Unlimited access >

Having been an active eventer, I say nonsense to this, and shame on the Guardian for printing it

1 Like

Do you mean the article has been withdrawn from the Guardian? If so great, as the owner of an OTTB who wouldn’t run 'til she saw a jump. Loved CC, jumped at 3’9", hated the dressage phase. :grinning:

1 Like

Nice that it was mentioned that there are responsible, humane trainers. This mainly seems to be a reaction to the outrider and Rich Strike at the end of last year’s Derby. And yes, that looked bad and shouldn’t have happened. But I’d like to know what the author of the article and the neuro scientist would have done had they been sitting in the outrider’s saddle.

We have 3 OTTBs here now, and I’ve had several before. They will run laps around the pasture, vying with each other. I can’t believe they don’t enjoy it. And I can’t believe that Secretariat was running in fear and pain in the Belmont.

(Former eventer here, too. )


Lots of Pearlclutching in that article :face_with_raised_eyebrow:

While I agree TB racing here is hard on what are ostensibly still babies - 2yo January 1 :expressionless: - & this year’s Derby is sure getting a bad start, what is described as “fear” & “distress” in the article’s reference to Finish Photos looks different to me.

I had an Also Ran Never Raced OTTB* & he loved nothing more than to gallop.
Being a weenie, I’m sure I never had him flat out, but I sure felt him drop under me & GO when we rode out on trails alone.
Dressage was a trial, jumping Fun, but going Xcountry was his fave.

*Ponied at tracks from 2-6 when I bought him from the Trainer at Arlington
Failing his 2yo Speed Test :smirk:

Well that sounds like a load of quacky pop-science.

Does racing have its flaws? Absolutely it’s under heavier scrutiny than any other discipline and probably does more to be proactive about certain flaws than we’d see in other pockets of the horse world.


I just looked up the one finish line photo I have of my OTTB (won 3 races out of 9 total in his career, first 3 all in a row then nothing). He doesn’t look scared or tense to me. :laughing: Photo would’ve been from '07, he was 3 years old, all four hooves are off the ground midstride, his ears are up and forward, his bit kiiiiiinda looks like it’s pulling the corners of his mouth a bit much (mouth looks kinda stretched) but since y’know, I am NOT a jockey nor do I know what my horse would’ve been like at 3 and this was within his first 3 races of his brief career so I tend to not assume the worst scenario here. Nostrils are flared but I’d expect that given he was racing 5-6 furlongs, IIRC and was hauling his 16.3 skinny butt fast enough to cross the finish line first and it wasn’t a close race/photo finish. He sure didn’t look tense or unhappy (I do still recall when I subscribed to equibase and watched some of his old racing videos there was one video where the jockey just kept after him with the whip and the more the jockey did that, even in crummy low-quality video, I could see my horse’s ears going back and him visibly slowing down like, “screw you, you’re gonna do this, I won’t run.” I was like, “yup, that is definitely something my horse would do.”)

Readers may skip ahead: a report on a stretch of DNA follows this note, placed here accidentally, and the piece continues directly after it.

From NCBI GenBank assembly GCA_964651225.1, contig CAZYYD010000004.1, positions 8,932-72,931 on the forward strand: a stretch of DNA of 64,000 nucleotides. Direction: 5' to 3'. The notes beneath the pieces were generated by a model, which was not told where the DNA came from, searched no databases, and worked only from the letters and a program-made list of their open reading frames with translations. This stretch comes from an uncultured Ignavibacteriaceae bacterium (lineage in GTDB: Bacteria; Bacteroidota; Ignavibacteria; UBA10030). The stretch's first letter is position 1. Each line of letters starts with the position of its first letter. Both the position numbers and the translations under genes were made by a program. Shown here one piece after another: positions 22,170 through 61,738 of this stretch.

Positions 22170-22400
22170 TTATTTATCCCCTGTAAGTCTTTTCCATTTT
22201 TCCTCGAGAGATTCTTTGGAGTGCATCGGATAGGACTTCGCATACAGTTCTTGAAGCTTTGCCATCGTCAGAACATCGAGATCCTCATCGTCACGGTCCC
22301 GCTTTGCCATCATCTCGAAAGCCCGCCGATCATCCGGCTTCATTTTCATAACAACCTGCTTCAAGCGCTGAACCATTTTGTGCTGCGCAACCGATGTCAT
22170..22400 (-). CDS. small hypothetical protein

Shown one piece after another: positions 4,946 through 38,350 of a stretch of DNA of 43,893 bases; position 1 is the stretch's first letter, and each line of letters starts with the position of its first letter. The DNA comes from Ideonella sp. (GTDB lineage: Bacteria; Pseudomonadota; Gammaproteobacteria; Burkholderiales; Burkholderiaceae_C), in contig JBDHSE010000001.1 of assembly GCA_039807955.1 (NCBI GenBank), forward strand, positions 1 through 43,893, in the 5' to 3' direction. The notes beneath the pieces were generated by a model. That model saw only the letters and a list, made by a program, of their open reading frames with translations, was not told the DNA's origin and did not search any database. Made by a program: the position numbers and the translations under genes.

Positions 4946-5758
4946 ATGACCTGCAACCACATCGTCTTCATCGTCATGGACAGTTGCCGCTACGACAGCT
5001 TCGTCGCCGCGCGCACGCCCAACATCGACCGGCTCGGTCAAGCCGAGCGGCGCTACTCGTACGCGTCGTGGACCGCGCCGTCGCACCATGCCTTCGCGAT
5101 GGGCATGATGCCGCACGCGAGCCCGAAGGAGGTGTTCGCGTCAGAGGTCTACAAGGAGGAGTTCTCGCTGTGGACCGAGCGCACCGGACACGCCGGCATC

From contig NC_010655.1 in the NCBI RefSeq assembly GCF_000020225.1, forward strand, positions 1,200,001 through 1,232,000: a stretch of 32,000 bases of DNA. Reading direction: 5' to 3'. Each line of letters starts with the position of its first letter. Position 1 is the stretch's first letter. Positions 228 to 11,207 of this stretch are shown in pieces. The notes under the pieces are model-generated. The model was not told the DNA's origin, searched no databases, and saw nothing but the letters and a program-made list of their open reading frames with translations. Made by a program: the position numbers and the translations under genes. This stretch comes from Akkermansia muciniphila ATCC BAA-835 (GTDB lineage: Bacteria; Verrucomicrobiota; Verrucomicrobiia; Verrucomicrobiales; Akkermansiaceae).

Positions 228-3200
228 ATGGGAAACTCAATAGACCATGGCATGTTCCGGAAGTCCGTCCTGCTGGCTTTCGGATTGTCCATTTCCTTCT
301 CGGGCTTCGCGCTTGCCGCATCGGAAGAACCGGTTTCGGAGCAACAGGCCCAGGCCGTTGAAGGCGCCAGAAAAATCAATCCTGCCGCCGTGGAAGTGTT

I never did gallop him but I do remember it felt like he had an extra gear to his canter, there was the big, slower canter that’s what you’d get if you asked him to canter and if you got him doing that and asked for a canter again he’d kick it up a gear into this faster canter where you could start feeling the speed. No idea what it might’ve been like to actually gallop him, I didn’t have the riding skills or space for that as a teen.


I still remember watching mine run a couple laps around the field with two old QH geldings (my boy was probably between 5-7 at this time, QHs were probably both in their late teens or maaaybe 20). one day.

1 Like

My three late OTTB geldings might have raced through fear or pain, just because they were such nice guys (although I’m sure they didn’t because they loved dueling with other horses when I took them on trail rides).

But the three OTTB mares I’ve had? Hell no. If they didn’t think they were being treated fairly, their jockeys wouldn’t have stayed in the saddle long enough to get to the gate, much less run in the race.


Took a closer look at the pic I posted upthread.
I see ears in Listening to Rider position, no fear or pain noticeable :smirk:
Maybe he knew he wasn’t in a Big Race :face_with_raised_eyebrow:

I like how they chastise anthropomorphizing horses while anthropomorphizing right in the title of the article.

I can agree racehorses are under the influence of adrenaline and cortisol. But that is in no way the same as “fear and pain.” Adrenaline masks pain for cripes sake (part of the reason racing injuries can be so catastrophic- the horses don’t realize they are hurt immediately). Adrenaline and cortisol also don’t have to equate to “fear.” Any sort of anticipation creates a similar biologic response.

So anyway, congrats to the author for taking “kernels of truth” and distorting them to fit the narrative.